Freya’s eye had been sore and sticky for 4 days, we thought she had conjunctivitis but finally discovered gravel wedged in there ( insert tons of mother guilt here). We were 250km of rugged dirt road from Alice, I panicked, we got the ‘wrong’ irrigation liquid out of the first aid kit, tried to wash her eye out, burnt her eye, panicked more, the sat phone wouldn’t work to get help, then we eventually got through to the sat phone provider who transferred us to NT Police, who transferred us to the ambulance service, who then transferred us to the poisons info line. Thankfully we didn’t do lasting damage to her eye. . It was a long 5 hour drive to Alice hospital, lots of waiting, they put her under and cleaned the eye and we arrived home around 10pm. Longest day – pearl was so amazingly patient and kind. All ended well.

The next day we met Danny at Alice airport and miss Pearl flew to Sydney for flower girl duties at her great aunts wedding. She says her real title was pirate princess, her dress was to hide her sword in 😉 she is due back tomorrow. Her grandparents are flying her back and having a few days at Uluru too.

We have spent 6 days in Alice, we attempted to get bearing caps and they sent the wrong ones for the second time, so off we went to woolies to buy new beetroot tins and now we are in back in business.

We have also had a much needed rest, I felt so exhausted and was told everywhere I rang that it is a 3 week wait to get a massage anywhere in Alice. Thankfully my prayers led me to Sita who offered to treat us on her day off. Such a graceful and serendipitous meeting which led to so many realizations. I now have clarity about the direction of my worldly contribution, stay tuned 🙂 it is unfolding.

Rob met a beautiful old Aunty called Selma and bought a painting from her, ask him about it if you remember, it is truly sacred.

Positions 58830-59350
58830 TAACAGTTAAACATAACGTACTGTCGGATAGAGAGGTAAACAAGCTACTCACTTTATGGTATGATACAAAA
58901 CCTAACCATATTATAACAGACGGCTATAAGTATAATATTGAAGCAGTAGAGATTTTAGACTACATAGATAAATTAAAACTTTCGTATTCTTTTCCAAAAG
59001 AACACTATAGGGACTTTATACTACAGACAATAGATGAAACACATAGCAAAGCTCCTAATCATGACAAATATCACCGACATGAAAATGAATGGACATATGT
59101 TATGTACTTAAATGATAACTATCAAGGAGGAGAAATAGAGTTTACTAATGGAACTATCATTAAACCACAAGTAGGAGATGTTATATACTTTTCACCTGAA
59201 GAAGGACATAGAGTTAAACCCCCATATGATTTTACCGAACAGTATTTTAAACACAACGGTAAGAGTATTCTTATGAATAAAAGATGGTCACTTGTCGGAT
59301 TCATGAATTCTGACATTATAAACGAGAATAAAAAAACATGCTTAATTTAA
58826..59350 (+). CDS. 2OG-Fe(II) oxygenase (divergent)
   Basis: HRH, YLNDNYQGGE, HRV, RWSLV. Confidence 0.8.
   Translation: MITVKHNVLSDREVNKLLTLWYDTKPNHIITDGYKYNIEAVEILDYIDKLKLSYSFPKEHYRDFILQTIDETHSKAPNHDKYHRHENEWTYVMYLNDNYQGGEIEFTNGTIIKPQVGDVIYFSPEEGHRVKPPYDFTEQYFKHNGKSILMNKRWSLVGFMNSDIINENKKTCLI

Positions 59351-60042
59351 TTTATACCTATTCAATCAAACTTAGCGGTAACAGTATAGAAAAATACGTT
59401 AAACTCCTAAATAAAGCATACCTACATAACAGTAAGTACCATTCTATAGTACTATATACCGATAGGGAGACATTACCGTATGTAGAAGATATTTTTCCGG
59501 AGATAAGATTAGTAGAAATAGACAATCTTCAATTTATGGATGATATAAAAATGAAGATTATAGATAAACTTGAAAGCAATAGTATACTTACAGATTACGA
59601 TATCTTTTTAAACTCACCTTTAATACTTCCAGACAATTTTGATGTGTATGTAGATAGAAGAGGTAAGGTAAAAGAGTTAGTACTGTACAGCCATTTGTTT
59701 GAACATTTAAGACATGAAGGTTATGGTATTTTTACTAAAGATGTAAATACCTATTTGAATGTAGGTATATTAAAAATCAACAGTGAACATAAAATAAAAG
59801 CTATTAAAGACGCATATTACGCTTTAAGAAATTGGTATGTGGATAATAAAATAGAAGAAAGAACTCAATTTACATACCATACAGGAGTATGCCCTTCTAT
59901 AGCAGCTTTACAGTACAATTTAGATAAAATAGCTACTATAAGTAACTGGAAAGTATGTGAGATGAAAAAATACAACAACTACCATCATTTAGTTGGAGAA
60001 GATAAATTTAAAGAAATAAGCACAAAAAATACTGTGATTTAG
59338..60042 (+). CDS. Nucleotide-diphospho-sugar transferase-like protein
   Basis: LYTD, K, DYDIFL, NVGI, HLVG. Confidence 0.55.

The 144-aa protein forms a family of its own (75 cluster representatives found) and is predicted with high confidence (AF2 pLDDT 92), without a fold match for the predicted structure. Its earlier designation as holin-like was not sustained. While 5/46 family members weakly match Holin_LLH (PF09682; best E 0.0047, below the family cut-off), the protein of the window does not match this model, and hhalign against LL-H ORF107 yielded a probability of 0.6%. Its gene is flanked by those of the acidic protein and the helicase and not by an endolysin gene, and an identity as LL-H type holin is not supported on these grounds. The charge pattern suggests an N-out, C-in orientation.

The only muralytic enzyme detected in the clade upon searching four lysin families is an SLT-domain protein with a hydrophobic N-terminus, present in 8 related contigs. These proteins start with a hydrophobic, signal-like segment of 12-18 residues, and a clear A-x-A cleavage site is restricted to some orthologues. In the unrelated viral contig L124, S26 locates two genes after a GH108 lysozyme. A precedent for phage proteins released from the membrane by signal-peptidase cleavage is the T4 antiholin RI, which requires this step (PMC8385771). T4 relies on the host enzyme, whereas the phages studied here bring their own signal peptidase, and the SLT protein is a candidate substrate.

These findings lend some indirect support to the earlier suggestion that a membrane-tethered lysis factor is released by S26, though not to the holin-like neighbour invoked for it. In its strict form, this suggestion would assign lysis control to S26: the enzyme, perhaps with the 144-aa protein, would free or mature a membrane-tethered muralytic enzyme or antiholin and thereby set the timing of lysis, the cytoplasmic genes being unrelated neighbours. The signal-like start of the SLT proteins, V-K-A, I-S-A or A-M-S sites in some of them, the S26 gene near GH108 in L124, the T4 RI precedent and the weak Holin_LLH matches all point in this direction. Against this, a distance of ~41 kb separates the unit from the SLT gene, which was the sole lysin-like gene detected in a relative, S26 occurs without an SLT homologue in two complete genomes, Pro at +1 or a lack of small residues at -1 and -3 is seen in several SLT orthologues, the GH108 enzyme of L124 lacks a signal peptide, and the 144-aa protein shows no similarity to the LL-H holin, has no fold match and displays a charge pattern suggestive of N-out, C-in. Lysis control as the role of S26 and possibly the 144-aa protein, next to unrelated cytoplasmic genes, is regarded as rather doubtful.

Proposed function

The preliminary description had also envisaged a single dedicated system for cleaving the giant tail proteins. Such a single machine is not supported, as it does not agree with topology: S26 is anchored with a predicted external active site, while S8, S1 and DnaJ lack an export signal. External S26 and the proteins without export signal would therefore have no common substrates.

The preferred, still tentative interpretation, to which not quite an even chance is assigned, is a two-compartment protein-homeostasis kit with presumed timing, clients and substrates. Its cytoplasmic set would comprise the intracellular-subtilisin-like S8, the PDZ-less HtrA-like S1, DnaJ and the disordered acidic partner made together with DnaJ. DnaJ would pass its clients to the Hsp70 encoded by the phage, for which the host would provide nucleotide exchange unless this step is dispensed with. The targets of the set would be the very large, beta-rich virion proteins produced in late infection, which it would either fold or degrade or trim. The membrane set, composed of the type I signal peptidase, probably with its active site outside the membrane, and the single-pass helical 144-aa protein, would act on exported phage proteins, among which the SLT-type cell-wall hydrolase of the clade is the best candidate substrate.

I have been carting a small suitcase of Shining Heart Jewellery with me, by chance we did the Todd mall markets, it was fun, I traded a necklace for a beautiful skirt with another stall holder, I love trades!

Yesterday Rob, Freya and I did an indigenous tour with Ricky at Wurre (rainbow valley). It was a special experience viewing art and engravings, learning about his land and finding bush foods. We tried native figs and plums, amazingly one little fig the size of a 5c piece is equal to 9 oranges…. Survival in the desert is compact! It took a few hours of walking through country with Ricky pointing out artifacts for my brain to catch up with seeing in a new way. He was using the shadow from his stick to point to things, I of course was looking at where the actual stick was pointing so struggled til I caught up. The sunset was incredible, we sat on the clay pan, rob played the didj and the earth offered a magnificent display of colour true to rainbow valley.

Life is so very full and I am remembering how to hold the richness as precious, at times it can be tempting for me to dump some of my experiences into the pain in the ass basket, yet life is gently nudging me to remember the preciousness of all things. Thankfully I’m getting it in this moment!

Freya turns 1 next week, wow, fancy that!!

Love to all, Will try to post photos tomorrow xxx